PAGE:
Just when I thought Pixar could not surprise me any longer after such an impressive nine-streak classics and near classics (perhaps with the exception of “Cars”), their tenth film, “Up,” directed by Pete Docter and Bob Peterson, was nothing short of impressive. “Up” tells the story of an aging balloon salesman (Carl voiced by Edward Asner) and his way of honoring his late wife’s dream of visiting South America. After attaching thousands of balloons to his house as it floated to the sky, he discovered an eager wilderness boy scout/explorer named Russell (Jordan Nagai). In South America, the two meet a giant bird named Kevin and an extremely adorable talking dog named Dug (also voiced by Peterson). But that was only the beginning of their breathtaking adventure.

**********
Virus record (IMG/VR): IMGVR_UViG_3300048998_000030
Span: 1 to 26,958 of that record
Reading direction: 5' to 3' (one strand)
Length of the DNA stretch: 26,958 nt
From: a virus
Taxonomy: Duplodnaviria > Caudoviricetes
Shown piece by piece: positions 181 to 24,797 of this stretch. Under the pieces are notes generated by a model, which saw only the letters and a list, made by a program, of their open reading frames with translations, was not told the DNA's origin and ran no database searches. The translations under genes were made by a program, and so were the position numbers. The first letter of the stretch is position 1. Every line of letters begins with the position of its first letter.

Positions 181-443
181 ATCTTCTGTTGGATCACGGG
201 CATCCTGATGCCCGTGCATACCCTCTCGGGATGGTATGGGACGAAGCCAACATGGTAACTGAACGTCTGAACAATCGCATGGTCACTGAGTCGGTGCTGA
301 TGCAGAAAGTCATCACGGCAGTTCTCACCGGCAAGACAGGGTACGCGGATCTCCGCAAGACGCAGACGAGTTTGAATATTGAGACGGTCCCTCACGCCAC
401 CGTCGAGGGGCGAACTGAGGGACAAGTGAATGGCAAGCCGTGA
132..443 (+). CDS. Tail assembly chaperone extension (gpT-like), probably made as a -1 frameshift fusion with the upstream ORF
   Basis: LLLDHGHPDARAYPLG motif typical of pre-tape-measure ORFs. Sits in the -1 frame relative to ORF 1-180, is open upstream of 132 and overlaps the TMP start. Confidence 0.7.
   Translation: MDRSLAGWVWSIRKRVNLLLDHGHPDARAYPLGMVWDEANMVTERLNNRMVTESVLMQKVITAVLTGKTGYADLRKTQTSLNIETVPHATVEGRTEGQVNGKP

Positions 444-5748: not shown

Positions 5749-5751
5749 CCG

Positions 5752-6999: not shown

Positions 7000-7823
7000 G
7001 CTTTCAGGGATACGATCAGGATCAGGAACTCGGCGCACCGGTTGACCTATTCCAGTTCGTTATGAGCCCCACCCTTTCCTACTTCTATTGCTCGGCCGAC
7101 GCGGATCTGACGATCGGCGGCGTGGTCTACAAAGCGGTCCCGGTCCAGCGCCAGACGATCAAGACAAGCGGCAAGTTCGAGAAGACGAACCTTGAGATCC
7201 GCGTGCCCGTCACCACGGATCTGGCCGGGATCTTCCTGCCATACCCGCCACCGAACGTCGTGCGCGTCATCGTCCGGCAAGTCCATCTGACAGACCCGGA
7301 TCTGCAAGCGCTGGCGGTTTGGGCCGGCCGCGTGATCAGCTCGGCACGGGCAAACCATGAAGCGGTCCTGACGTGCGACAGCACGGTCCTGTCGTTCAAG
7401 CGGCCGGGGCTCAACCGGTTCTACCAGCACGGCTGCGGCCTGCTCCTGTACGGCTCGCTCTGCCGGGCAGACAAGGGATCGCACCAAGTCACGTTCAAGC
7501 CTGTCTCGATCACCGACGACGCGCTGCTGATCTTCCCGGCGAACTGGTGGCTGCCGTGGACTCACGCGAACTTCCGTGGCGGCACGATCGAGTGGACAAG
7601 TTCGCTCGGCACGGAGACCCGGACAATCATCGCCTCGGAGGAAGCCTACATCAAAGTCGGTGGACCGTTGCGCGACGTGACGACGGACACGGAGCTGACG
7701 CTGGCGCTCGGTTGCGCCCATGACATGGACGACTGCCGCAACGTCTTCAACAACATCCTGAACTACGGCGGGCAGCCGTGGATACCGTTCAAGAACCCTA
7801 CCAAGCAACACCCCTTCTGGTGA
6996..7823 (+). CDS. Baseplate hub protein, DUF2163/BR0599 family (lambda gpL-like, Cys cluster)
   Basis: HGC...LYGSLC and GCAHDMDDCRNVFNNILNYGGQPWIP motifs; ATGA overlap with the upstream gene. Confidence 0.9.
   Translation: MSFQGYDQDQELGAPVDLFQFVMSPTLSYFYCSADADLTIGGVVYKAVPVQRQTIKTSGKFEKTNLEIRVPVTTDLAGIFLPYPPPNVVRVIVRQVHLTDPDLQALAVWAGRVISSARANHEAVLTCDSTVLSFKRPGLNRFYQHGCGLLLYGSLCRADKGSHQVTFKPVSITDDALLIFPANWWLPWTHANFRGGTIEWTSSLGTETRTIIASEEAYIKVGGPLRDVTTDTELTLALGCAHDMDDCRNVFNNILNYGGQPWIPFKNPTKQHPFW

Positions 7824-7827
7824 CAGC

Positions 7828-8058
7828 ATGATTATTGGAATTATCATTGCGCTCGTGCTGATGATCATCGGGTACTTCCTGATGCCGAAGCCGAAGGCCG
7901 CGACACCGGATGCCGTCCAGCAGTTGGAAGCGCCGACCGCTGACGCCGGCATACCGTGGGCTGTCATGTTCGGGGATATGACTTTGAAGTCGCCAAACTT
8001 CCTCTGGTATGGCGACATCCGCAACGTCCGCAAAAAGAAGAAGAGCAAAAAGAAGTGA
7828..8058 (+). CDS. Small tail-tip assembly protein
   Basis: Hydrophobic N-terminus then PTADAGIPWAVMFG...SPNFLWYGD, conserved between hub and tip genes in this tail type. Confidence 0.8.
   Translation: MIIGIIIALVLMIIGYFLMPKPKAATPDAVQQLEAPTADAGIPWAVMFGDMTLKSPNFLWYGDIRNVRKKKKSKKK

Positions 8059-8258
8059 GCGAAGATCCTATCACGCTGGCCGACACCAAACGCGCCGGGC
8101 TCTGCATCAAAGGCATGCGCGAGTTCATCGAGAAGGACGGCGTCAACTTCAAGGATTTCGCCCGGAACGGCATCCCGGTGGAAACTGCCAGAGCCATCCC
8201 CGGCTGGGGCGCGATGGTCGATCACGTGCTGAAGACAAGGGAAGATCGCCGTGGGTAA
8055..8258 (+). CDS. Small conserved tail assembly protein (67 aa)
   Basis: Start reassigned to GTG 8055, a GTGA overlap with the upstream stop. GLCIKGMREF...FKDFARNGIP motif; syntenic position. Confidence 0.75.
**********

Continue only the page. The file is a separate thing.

I believe this is one of the more mature Pixar films when it comes to dealing with emotion because it tries to tell a story from the perspective of an old man possibly living his last few years. There was a certain sadness that pervaded the film because he constantly tried looking back in his past and feeling an utmost sadness whenever he thinks about his promises to his wife that he never fulfilled when she was alive. I was particularly impressed with the first scene when Young Carl (Jeremy Leary) and Young Ellie (Elie Docter) first met. There was a certain innocence and innate acceptance with it all and it truly reminded me of my parents because they, too, met when they were pretty much kids and eventually got married. I think one of the best scenes of the film was when it showed how their lives progressed from when they were kids, finally moved into a house that was once their playground of imagination, failure to have children, to when Ellie was on her deathbed. I found that scene with no spoken language so powerful because it managed to capture the essence of life–the ups as well as the downs–something that most animated films tend to sugarcoat. I was really touched with Ellie and Carl’s relationship because even though their dreams were not fully realized because life always got in the way (an injury, a natural accident, broken appliances, et cetera), they still stayed strong and together up until the end. I was also impressed that “Up” was brave enough to show blood and bullets and characters really getting hurt so I was that more engaged.